Just saw this great visualization on Flickr created by David McCandless. It displays a microcosm of what microblogging activity would look like if Twitter had only 100 users. The data is collected from a study completed by social media monitoring company Sysomos, and commented on by marketing guru Rohit Bhargava.
Essentially, it tells us that lots of people have created an account on Twitter but just as Twitter’s own Evan Williams recently stated there’s a long way to go for the enthusiasm to match engagement.
Rohit’s write-up provides great commentary on the conclusions presented in the study and is definitely worth a read to anyone interested in understanding what’s really happening in Twitter world.
- 21% (One Fifth) of Twitter accounts are empty placeholders
- Nearly 94% of all Twitter accounts have less than 100 followers
- March and April of 2009 were the tipping point for Twitter
- A small minority creates most of the activity
- Half of all Twitter users are not “active”
- Tuesday is the most active Twitter day (followed by Wednesday then Friday)
- APIs have been the key to Twitter’s growth & utility
- English still dominates Twitter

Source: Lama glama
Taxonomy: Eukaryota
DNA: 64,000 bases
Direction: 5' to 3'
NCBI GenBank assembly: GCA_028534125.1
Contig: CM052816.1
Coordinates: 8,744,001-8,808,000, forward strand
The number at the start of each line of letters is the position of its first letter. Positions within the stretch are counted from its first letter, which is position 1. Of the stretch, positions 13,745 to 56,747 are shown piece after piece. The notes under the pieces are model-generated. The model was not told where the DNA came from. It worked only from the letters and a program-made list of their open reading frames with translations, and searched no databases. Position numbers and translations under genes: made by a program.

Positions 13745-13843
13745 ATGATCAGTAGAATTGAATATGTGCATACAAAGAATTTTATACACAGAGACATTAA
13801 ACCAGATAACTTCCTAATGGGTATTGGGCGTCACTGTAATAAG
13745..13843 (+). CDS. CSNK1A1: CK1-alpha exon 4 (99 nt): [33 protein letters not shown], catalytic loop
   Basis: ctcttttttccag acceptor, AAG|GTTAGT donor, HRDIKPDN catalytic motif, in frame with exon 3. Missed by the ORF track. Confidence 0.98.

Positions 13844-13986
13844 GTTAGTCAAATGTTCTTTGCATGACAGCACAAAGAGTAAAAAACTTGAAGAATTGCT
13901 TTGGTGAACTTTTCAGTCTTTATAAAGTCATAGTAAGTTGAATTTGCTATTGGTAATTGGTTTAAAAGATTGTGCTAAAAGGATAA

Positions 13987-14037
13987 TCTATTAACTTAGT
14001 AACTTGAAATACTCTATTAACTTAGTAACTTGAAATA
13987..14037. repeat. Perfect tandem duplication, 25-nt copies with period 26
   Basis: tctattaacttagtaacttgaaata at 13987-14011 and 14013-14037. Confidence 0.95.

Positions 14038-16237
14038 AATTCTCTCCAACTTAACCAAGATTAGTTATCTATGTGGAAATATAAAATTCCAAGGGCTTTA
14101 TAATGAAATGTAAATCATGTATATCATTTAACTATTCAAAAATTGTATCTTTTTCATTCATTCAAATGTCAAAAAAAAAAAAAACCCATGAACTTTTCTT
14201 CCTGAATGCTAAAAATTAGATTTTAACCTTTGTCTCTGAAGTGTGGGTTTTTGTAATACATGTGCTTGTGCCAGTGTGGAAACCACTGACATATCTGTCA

The study presents companies and brands with something to think about. What’s the value of Twitter, or really social media in general? I’ve previously posted that it’s understanding, strategy, and related action that determines business success in social media, and not simply jumping on the bandwagon of being ‘present’. The Sysomos study suggests that if you’re looking to connect with and communicate with your audience and consumers then you need to do what good marketing has always done; provide something valuable that people that people will love, enjoy, and share with friends.
So what’s the secret to success of Twitter? It’s not a secret at all. It’s what works in any marketing medium:
A) Give something great to the world
B) Put your customers first
C) Reach the loud mouths and let them speak (just do A and B so they love you first)!
When it comes to getting your message across, the difference between social media vs. traditional marketing methods is really that you’re not in control of what responses the world will see. Plus, you don’t have to be present on Twitter or Facebook to actually be on Twitter or Facebook. People will talk about you and share their ideas with or without you. The only thing you can really control is your value.
So, don’t fret about your social media status. Have a presence, understand your audience, and know what the chatter is about, but don’t get caught up in mass following, tweeting at 3am, or having lots of friends. Concentrate on doing something great that people will love and you’ll be a social media darling whether you like it or not! :)